NOTE Page numbers refer to the old Chapter Eight Notes edition of the textbook but it should be easy to nd identify their counterparts in the new edition Just ask me ifany cross reference is unclear Unemployment 7 There are four categories of unemployment Frictional unemployment people who are voluntarily between jobs Structural unemployment people whose jobs became obsolete due to technological progress Cyclical unemployment people who lost their jobs due to a downturn in the business cycle Discourageal workers people who have given up looking for a job The labor force consists of people who are gainfully employed or actively seeking employment It includes the frictionally structurally and cyclically unemployed but not discouraged workers nor people who voluntarily do not work eg retirees and stayathome parents The of cial or actual unemployment rate is the percentage of the labor force that is not employed ie frictionally structurally cyclically unemployed labor force The natural rate of unemployment is the percentage of the labor force that is not employed for reasons other than businesscycle uctuations ie frictionally structurally unemployed labor force Full employment is attained when the actual unemployment rate is the natural unemployment rate ie when there is no cyclical unemployment This is the full employment that we associate with the vertical segment of the AS curve In ation 7 There are both losers and winners from in ation 7 Losers include people on xed incomes eg pensions wage contracts leases and savers since the real value of savings declines when the interest rate is less than the in ation rate 7 Winners include all borrowers since the real cost of the loan or debt declines when the interest rate is less than the in ation rate In ationary and recessionary gaps refer to Exhibit 3 7 In the lower graph the intersection of AD1 and AS at point g is the idea equilibrium since there is full employment but no in ation as there is at point t In the upper graph the intersection of the AE1 curve with the 45degree line corresponds to this same equilibrium 7 If aggregate demand decreases from AD1 to AD2 the price level falls reverse demandpull in ation and aggregate expenditure decreases from AE1 to AEZ At the new equilibrium at P100 and GDP800 the economy is in a recession The recessionary gap is the amount by which aggregate expenditure falls short of the fullemployment amp nonin ationary level ie the amount by which it must increase to shi the AE curve from AE2 back to AE1 thereby restoring the idea equilibrium Graphically this is the vertical distance between the two AE curves between points g and h 7 If aggregate demand increases from AD1 to AD3 the price level rises demandpull in ation and aggregate expenditure increases from AE1 to AE3 At the new equilibrium at Pl33 and GDP1200 there is in ation The in ationary gap is the amount by which aggregate expenditure exceeds the fullemployment amp nonin ationary level ie the amount by which it must decrease to shift the AE curve from AE3 back to AE1 thereby restoring the ideal equilibrium Graphically this is the vertical distance between the two AE curves between points e and f Fiscal policy closing the gaps with government spending 7 You already know from Chapter 4 that a change in government spending will shi the AD curve and from Chapter 7 also the AE curve Therefore the government can increase or decrease its spending to close a recessionary or in ationary gap and restore the economy to the ideal equilibrium It can nance its spending with tax revenue by borrowing or both 7 If the government decides to nance its spending G entirely with tax revenue T then it has a balanced budget GT 7 The tax multiplier is the multiple by which national income decreases as a direct result of an increase in taxes For example if the MPC is 8 and the government increases taxes by 10 then consumers will spend 8 less 8 times 10 on consumption This decrease in consumption triggers successive decreases in others consumption spending this is llly explained in the previous chapter s discussion of the income multiplier ultimately causing a 40 decrease in national income The multiplier is therefore 740 10 74 It can be directly calculated from the MPC tax multiplier 7 MPC 17MPC 7 When the government spends the tax revenue national income increases according to the income multiplier Ch7 Continuing the above example if the MPC 8 then the income multiplier is 5 so the govemment s new expenditure of 10 causes a 50 increase 5 times 10 in national income 7 The balanced budget multiplier combines the two above effects the decrease in NI caused by the tax and the increase in NI caused by the government spending Adding together the tax multiplier and the income multiplier the balanced budget multiplier always equals 1 This means that a change in both government spending and taxes will cause an identical change in national income Continuing the above example the tax decreased NI by 40 and the government spending increased NI by 50 so the net increase was 10 which was the amount of the tax increase itself Using the balanced budget multiplier to reach this same conclusion this 10 increase in taxes caused a 10 increase 1 times 10 in national income Chapter Nine Notes Skip pp 200 205 Theories of the Business Cycle 7 There are two general types of theories about why business cycles exist External theories posit that cycles are caused by noneconomic events such as wars or technological innovations Internal theories assert that cycles are consequences of economic activity 7 The sunspot theory was a 19thcentury idea that weather sunlight affects agricultural harvests and thereby can indirectly cause an upturn or downturn in the economy Clearly this theory can t be taken completely seriously nevertheless it represents the linkage between environmental randomness and the business cycle 7 War induced cycles are just that changes in the business cycle that are caused by wars Since warfare requires extensive government military spending the outbreak of war can and historically always has jumpstart economic growth When G increases AE which by de nition equals CIG increases causing a higher level equilibrium NI ie economic growth review Chapters 7 and 8 or an upturn in the business cycle 7 The housing cycle is a 15 to 20year cycle of housing construction that was observed by an economist He theorized that it was these periodic bursts that in uenced business cycles Recall that housing construction is considered part of investment when I increases AE CIG increases causing NI to increase and the business cycle to take an upturn 7 The innovation cycle theory postulates that major technological innovations eg electricity the automobile computers cause a wave of further innovations and consequently increased investment p138 The reasoning is the same as with the housing cycle the increase in I ultimately raises NI and causes an upturn 7 An example of an internal cycle involves the same sequence of causes and effects as the housing and innovation cycle theories 7 I increases so AE increases so NI increases 7 but goes further the increase in NI raises rms expectations of future growth so rms increase I even more p140 which causes an even higher level of NI which again increases I and so on 7 this is the upturn in the business cycle Obviously this cycle cannot be neverending eventually rms will have overinvested so they lower I I decreases so AE decreases so NI decreases which lowers rms expectations causing them to invest even less and so on 7 this is the downturn in the business cycle 7 Real Business Cycle theory is the theory that there are no business cycles According to this argument the yeartoyear variations in the rate of economic growth 7 which other economists interpret as the phases of the business cycle 7 are simply caused by many minor unconnected technological changes In other words RBC theorists believe that the economic growth does not follow a cyclical pattern but is more or less random Countercyclical scal policy 7 The government can attempt to offset or prevent dramatic swings in the business cycle with countercyclical fiscal policy 7 by changing its level of spending ie increasing G during a recession and decreasing G during an in ationary period Theoretically this should work perfectly However government economists don t have reliable crystal balls so they can t always accurately predict the direction of the economy Exhibit 7 on p213 illustrates two very different possible paths b and c that the business cycle might take each of which would cause countercyclical fiscal policy here increasing G to fight the downturn preceding point a to have a very different effect 7 poorlyplanned policy or bad luck could even exacerbate the extremes of the business cycle Another drawback to countercyclical fiscal policy is that there is an administrative lag between the time that the policy is decided upon and the time that it actually takes effect so it might no longer be appropriate by the time it actually begins to work Chapter Ten Notes Characteristics functions and types of money 7 Desirable characteristics of money are durability portability divisibility homogeneity and a stable supply If these characteristics are satis ed then money can effectively perform its three primary functions being a medium of exchange a measure of value and a store of value or wealth Gold satis es these characteristics and for millennia was the common form of money A bank like the Us s central bank the Treasury can issue backed paper money which are certi cates that the bank promises to exchange for gold Most currency today however is unbacked or fiat money which is universally accepted as legitimate legal tender The money supply 7 Liquidity is the degree to which an asset can be exchanged for money 7 There are three categories of money in modern economies M1 M2 and M3 M1 consists of the most liquid assets currency demand deposits checking accounts and travelers checks All can be immediately converted into money M2 consists of M1 plus other lessliquid assets mostly time deposits CDs and savings moneymarket and mutualfund accounts which can be easily but not instantly converted into money Unlike Ml these assets tend to earn interest since the holder e g a bank can invest them M3 consists of M2 plus notveryliquid assets such as largedenomination 100K time deposits Note that credit cards are not money they are simply shortterm loans Theories of money classical and Keynesian 7 The velocity of money is the average number of times per year that the money supply circulates Therefore the money supply M times its velocity V is the total volume of money that circulates in the economy per year The price level P times real GDP Q for quantity is the total value of the economy s output in a year Equating the two MVPQ is the equation of exchange which can be algebraically rewritten as P MV Q Classical economists believe that the only motive for using money is transactional 7 using money to buy and sell goods They also assume that the velocity of money is constant despite the historical evidence shown in Exhibit 3 on p237 and that real GDP is constant since they assume that the economy is always operating at fullemployment level along the vertical segment of the AS curve Since V and Q are constants then the only variables in the equation of exchange PMVQ are P and M Clearly they have a direct relationship when the money supply increases decreases the price level 7 and only the price level 7 increases decreases Keynesian economists however believe that consumers motives for using money are not only transactionary but also precautionary for safekeeping and speculative for earning interest They further disagree with classical economists since they do not believe that velocity V is constant Nor do they believe that real GDP Q is constant they accept the possibility that the economy might be at a lessthanfullemployment level like GDP1 or GDP2 in Exhibit 5 on p240 during a recession Therefore all four terms not just P and M in the equation of exchange are variable In particular an increase in the money supply can cause not only an increase in price level as classical economists predict but also or either an increase in real GDP 7 Exhibit 5 on p240 graphically illustrates this conclusion In panel a the money demand curve D illustrates consumers speculative demand for liquid money 7 the higher lower the interest rate is the more less appealing interesteaming time deposits are so the less more liquid money is demanded If the central bank increases the money supply from M1 to M2 not to be confused with M1 and M2 which is shown by the rightward shift of the moneysupply curve from 1 to 2 the interest rate falls from i1 to i2 not to be confused with I for investment Panel b shows the effect of this decrease in the interest rate on investment 7 the lower interest rate causes firms to increase investment p1389 from 11 to 12 Panel c shows that this increase in investment shifts the AD curve to right p88 which can increase real GDP andor the price level In short these graphs show how Keynesians reason that an increase in M can cause an increase in P andor Q 7 not just Q as the classical economists conclude Chapter Eleven Notes Reserves 7 A bank s reserves are the portion of its assets demand deposits that it holds and has not loaned out 7 In a fractional reserve system of banking banks hold only a fraction of their assets demand deposits as reserves and loan out the remainder yet account holders are entitled to immediate access to their demand deposits The legal reserve requirement LRR is the minimum fraction of total demand deposits that a bank must hold as reserves e g if LRR10 then a bank with 100000 in demand deposits must hold at least 10000 in reserves 7 Banks can and usually do hold excess reserves which are the reserves in excess of the legallyrequired amount e g if LRR10 and a bank with 100000 in demand deposits has 25000 in reserves then its excess reserves are 15000 Bank loans create money 7 Pages 246251 provide an example of how banks create money by making loans In this example the legal reserve requirement is 20 so 200 of the 1000 initial deposit in PFN Ba must be held as reserves and the remaining 800 can be loaned out On the balance sheet on p247 this 800 loan is listed in the Assets column since the borrower s IOU is an asset to the bank and it also increases demand deposits in the Liabilities column by 800 think of the loan as an 800 checking account that is spent by the borrower The important point is that this 800 loan increased the money supply by 800 7 The example continues by assuming that the 800 loan was spent and the recipient deposited this 800 into his own bank PSN PSN keeps the legallyrequired 20 or 160 of this deposit as reserves and loans out the remaining 640 As above the loan appears in the bank s Assets column and the bank s demand deposits increase by the same amount Therefore this loan increased the money supply by an additional 640 7 The example continues by following the same pattern each loan is spent and deposited into a bank which keeps 20 of it as reserves and loans out the other 80 The table on pp2501 lists the rst ten such transactions and the amount by which each one increases the money supply If this continued infinitely the total amount of M1 money would be 5000 the 1000 initial deposit plus 4000 created by the loans 7 To easily calculate the increase in the money supply that an increase in demand deposits can create without adding up each individual increase as in the example use the potential money multiplier m 1 LRR Potential refers to the assumption that the banks loan out the maximum amount they can ie they hold no excess reserves In the example m 1 2 5 multiply this 5 by the amount of the initial deposit 1000 to compute the potential change in the money supply 5000 7 This money creation process works in reverse too and the potential money multiplier is applied in the same way For example if the LRR10 then the potential money multiplier mll10 so if you withdraw 2000 from your demand deposit account then the money supply will decrease by up to 10200020000 Bank failure and safeguards 7 If there is a bank run ie if too many depositors try to withdraw their demand deposits at the same time then a bank can fail Banks can also fail if too many loans or a few large loans default ie if the borrowers cannot pay back the loans Pages 256260 describe several episodes in recent history that have caused major bank failures 7 The Federal Deposit Insurance Corporation FDIC is a govemmentrun insurance agency that guarantees that each account of up to 100000 at an insured bank is protected This protection is not free 7 as with any insurance policy the bank must pay the FDIC a premium Banks willingness to loan does not coincide with economic needs 7 During a recession the economy needs more loans to stimulate consumption and investment spending and thereby boost national income However interest rates are low during a recession so loans are not very pro table for banks 7 Similarly during an in ationary period the economy needs fewer loans to decrease spending and thereby lower in ation However interest rates are high during an in ationary phase so loans are profitable for banks Chapter Twelve Notes Skip to How the Fed controls the money supply 7 The Fed can adjust the money supply to offset swings in the business cycle this is called countercyclical monetary policy Don t confuse with countercyclical scal policy Exhibit 7 on p278 which you rst saw in Chapter 10 as Exhibit 5 on p240 illustrates how increasing the money supply can increase real GDP which ghts a recession this is expansionary monetary policy The reverse works too decreasing the money supply can decrease in ation lower the price level this is contractionary monetary policy 7 One way the Fed can attempt to change the money supply is by changing the legal reserve requirement LRR If the Fed increases the LRR banks must keep a higher fraction of their deposits as reserves leaving less to lend contractionary monetary policy If the Fed decreases the LRR banks have more loanable money expansionary monetary policy Note that changing the LRR might not be effective if banks have excess reserves 7 Another way the Fed can attempt to change the money supply is by changing the discount rate If the Fed increases the discount rate then it becomes more expensive for member banks to borrow from the Fed to make loans contractionary monetary policy If the Fed decreases the discount rate then it becomes cheaper for member banks to borrow from the Fed to make loans expansionary monetary policy Note that changing the discount rate might not be effective since member banks can altogether avoid borrowing from the Fed by borrowing from each other instead on the fealeralfunals market 7 A third and the most effective way the Fed can change the money supply is by engaging in open market operations buying or selling govemment securities Essentially these purchases exchange unliquid money the securities for liquid money Ml If the Federal Open Market Committee buys securities it increases the money supply expansionary if it sells securities it decreases the money supply contractionary Margin requirement Note that the definition in the sidebar on p 289 of the textbook is incorrectl The description in the text anal of course the summary below are correct 7 A stock market margin requirement is the minimum percentage of the cost of a stock that an investor must pay in cash to purchase it Therefore 100 minus the margin requirement is the maximum percentage that the investor can borrow from a bank when using the purchased stock itself as collateral on the loan For example if the margin requirement is 60 then a stockmarket player who wants to buy 10000 in stocks must pay for at least 6000 cash and can borrow at most 4000 to finance the purchase The higher the margin requirement the less an investor can borrow from the bank to pay for the stocks resulting in fewer loans contractionary monetary policy By lowering the margin requirement the Fed can encourage speculative bank loans stimulating investment in firms expansionary monetary policy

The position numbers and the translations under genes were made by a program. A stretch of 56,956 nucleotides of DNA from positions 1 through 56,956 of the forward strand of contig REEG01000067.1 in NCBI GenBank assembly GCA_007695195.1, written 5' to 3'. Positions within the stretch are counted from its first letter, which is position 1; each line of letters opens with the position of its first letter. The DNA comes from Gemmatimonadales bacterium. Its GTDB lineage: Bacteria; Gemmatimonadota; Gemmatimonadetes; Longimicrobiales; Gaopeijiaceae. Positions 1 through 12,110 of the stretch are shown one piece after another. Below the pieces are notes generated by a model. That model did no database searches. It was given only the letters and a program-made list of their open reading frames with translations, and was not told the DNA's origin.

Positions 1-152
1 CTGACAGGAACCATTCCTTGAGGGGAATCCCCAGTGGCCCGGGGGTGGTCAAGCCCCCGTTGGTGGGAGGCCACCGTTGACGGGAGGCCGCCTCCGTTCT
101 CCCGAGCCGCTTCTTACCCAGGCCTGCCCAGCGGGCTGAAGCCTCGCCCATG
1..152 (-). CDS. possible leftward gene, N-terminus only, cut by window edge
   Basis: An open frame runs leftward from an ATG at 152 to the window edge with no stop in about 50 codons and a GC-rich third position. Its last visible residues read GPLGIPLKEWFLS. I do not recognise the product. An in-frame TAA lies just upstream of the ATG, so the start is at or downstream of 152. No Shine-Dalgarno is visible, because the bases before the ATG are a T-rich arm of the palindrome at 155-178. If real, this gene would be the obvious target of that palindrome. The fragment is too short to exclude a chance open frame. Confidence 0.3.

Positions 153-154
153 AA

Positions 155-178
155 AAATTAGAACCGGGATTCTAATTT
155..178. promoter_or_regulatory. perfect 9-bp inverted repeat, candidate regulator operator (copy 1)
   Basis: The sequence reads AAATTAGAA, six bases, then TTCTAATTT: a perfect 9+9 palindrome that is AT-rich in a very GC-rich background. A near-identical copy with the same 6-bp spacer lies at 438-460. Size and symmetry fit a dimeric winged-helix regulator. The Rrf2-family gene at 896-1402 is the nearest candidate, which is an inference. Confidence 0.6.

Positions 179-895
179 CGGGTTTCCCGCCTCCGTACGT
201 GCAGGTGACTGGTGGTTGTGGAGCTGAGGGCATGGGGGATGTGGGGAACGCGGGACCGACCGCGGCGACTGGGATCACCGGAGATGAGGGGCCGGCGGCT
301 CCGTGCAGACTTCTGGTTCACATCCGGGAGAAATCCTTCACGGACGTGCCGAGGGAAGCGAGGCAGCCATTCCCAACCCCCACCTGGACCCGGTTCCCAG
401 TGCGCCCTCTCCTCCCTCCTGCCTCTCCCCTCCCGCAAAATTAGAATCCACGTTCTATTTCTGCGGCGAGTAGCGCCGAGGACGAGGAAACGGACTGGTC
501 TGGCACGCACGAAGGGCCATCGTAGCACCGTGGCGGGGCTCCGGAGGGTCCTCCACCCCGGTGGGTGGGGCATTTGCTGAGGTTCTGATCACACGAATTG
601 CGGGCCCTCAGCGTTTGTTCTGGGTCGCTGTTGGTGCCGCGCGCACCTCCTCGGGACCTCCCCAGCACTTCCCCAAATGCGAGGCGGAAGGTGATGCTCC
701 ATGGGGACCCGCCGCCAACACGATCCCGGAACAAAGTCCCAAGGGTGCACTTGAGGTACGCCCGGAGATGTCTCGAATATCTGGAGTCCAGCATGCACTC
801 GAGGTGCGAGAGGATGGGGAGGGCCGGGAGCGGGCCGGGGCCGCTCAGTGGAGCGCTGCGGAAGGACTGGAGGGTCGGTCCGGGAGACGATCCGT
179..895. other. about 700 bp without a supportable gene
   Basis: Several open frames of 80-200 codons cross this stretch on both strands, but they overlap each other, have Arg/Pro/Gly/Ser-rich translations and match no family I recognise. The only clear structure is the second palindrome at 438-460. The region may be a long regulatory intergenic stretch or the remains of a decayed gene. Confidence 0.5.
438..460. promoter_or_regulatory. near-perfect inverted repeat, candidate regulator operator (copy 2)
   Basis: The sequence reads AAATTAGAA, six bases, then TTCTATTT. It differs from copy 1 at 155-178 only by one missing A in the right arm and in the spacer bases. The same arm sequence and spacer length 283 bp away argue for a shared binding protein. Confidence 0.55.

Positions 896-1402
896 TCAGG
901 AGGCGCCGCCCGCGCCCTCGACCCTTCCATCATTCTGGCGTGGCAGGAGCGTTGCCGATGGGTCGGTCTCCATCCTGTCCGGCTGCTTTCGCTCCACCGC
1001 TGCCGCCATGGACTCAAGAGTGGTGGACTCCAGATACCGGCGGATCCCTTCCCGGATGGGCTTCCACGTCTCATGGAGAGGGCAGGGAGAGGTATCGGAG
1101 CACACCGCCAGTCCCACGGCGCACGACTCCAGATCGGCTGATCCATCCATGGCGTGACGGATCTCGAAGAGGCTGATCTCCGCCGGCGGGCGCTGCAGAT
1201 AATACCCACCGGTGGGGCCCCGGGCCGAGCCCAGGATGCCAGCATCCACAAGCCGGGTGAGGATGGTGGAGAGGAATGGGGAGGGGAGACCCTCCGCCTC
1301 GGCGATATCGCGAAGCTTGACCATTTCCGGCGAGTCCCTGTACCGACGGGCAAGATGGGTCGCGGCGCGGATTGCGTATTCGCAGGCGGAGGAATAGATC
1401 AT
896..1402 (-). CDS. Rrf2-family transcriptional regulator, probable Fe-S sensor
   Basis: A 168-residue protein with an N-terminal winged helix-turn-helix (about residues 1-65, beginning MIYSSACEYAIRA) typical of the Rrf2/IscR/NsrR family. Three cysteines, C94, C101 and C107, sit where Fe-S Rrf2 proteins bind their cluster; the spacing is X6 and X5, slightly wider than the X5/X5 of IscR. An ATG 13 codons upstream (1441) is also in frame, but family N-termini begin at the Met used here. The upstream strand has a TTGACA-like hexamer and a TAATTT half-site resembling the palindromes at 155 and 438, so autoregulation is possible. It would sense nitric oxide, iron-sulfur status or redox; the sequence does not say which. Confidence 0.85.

Buy Material